After spending years leading an evangelical student movement in Mongolia through International Fellowship of Evangelical Students (IFES), Tom Lin currently serves as InterVarsity’s >> vice president and director of the Urbana Student Missions Conference >>. Tom also serves as the Lausanne Movement’s >> international deputy director for North America and vice chairperson of the Board of Wycliffe Bible Translators. He holds an MA from Fuller Theological Seminary.
What is your main focus in ministry and why you are passionate about it?
STUDENTS, esp. mobilizing students toward global mission. University students are strategic because we are seeing increasing numbers of Christian students leave their faith (70-80% according to most research) and greater numbers of non-believing students open to the gospel and spiritual conversations than ever before. I’m also passionate about it because students are tomorrow’s world-changers, and as we invest in the next generation, we are preparing them to lead and impact local communities, societies, and churches. When we catalyze a student generation toward God’s mission, the effects are enormous!
Tell a story of how you shared your faith in Christ and saw God woo an individual/s one step closer to himself.
I was with a non-believing friend doing beach evangelism one day. He joined me in having spiritual conversations with some folks on the beach. After sharing my faith with a particular young man who made a decision for Christ on the spot, my own friend was in awe and decided to give his life to Christ just seconds later!
What is your favorite quote/scripture?
Parable of the Prodigal Son, Luke 15:11-32
How can people learn more about you and your ministry?
Visit the Urbana website >>
Visit the Intervarsity website >>
Visit my personal website >>
ABOUT THE WORLD
What is the biggest issue the Church in your part of the world faces today and why?
There’s too many. Let me share two. One of the biggest issues is the marginalization and persecution of the Christian faith in the media and public square in North America, from the government and workplaces to universities and schools. It’s extremely difficult to identify as a Christian and still hold a job as a university faculty member. Increasingly, Christian student groups are being kicked out of schools because of their beliefs. Yet it’s these places and institutions which significantly shape our culture and the future of our society.
Another huge issue is the growing diversity in the Evangelical Church. As we know, the North American Church is rapidly changing in its ethnic and gender make-up as well its denominational make-up. This, along with a new generation of leaders in the Church, is significantly impacting the way we engage in mission and the way we think about evangelization. The North American Church will need to embrace these future realities, or it will see greater fragmentation and ineffectiveness in mission.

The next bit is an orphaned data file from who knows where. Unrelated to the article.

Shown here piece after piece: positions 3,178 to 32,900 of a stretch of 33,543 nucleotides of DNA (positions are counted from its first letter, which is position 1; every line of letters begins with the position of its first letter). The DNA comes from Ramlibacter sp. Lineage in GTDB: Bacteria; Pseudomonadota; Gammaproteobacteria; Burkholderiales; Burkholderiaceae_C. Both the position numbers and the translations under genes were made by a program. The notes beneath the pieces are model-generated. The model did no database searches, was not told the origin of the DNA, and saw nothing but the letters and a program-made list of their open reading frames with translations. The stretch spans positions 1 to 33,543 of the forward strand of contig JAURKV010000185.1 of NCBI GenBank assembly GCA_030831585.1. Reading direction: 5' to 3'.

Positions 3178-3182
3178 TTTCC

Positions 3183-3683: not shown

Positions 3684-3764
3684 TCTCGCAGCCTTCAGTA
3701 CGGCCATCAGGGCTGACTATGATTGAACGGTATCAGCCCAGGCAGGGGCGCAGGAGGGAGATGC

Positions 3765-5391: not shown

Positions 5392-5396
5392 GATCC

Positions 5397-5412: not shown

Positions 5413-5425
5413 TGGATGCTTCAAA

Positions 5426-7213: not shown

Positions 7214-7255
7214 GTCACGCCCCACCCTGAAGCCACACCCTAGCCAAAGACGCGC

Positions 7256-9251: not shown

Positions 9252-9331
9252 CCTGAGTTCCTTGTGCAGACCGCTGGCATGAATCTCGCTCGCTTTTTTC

What is the biggest issue the Global Church is facing today and why?
There are at least four:
- The need for the Church to engage urbanization and “youth bulges” around the world, as over half the global population is under 25 years old. This dynamic is connected to the growing injustice we see—human trafficking, children-at-risk, oppression, and violent conflicts, etc.
- The issue of migration is growing exponentially, as 3% of the global population lives in countries where they were not born, and the ethnic and religious make-up of nations rapidly changes.
- The rapid expansion of Islam in Europe and throughout the world needs to be given attention, and the Church needs to be in greater dialogue and engagement with Muslims.
- The recent Pew Forum survey of global evangelical leaders concluded that secularism and consumerism is the Global Church’s #1 and #2 challenges.
What is your hope for the Global Church in the next ten years?
My hope for the Global Church is mainly that God would work through this next generation—those who are currently youth and young students today. This generation is the best positioned generation in the area of global engagement and collaboration, as they’ve traveled the world more than any previous generation and are socially networked across the world before they even turn 18!
They are bent toward collaboration, as they see themselves as global citizens more than individuals. They are also extremely gifted entrepreneurs and want to accelerate change through technology and innovation. I’m hopeful that this next generation will successfully tackle many challenges that I could only dream of!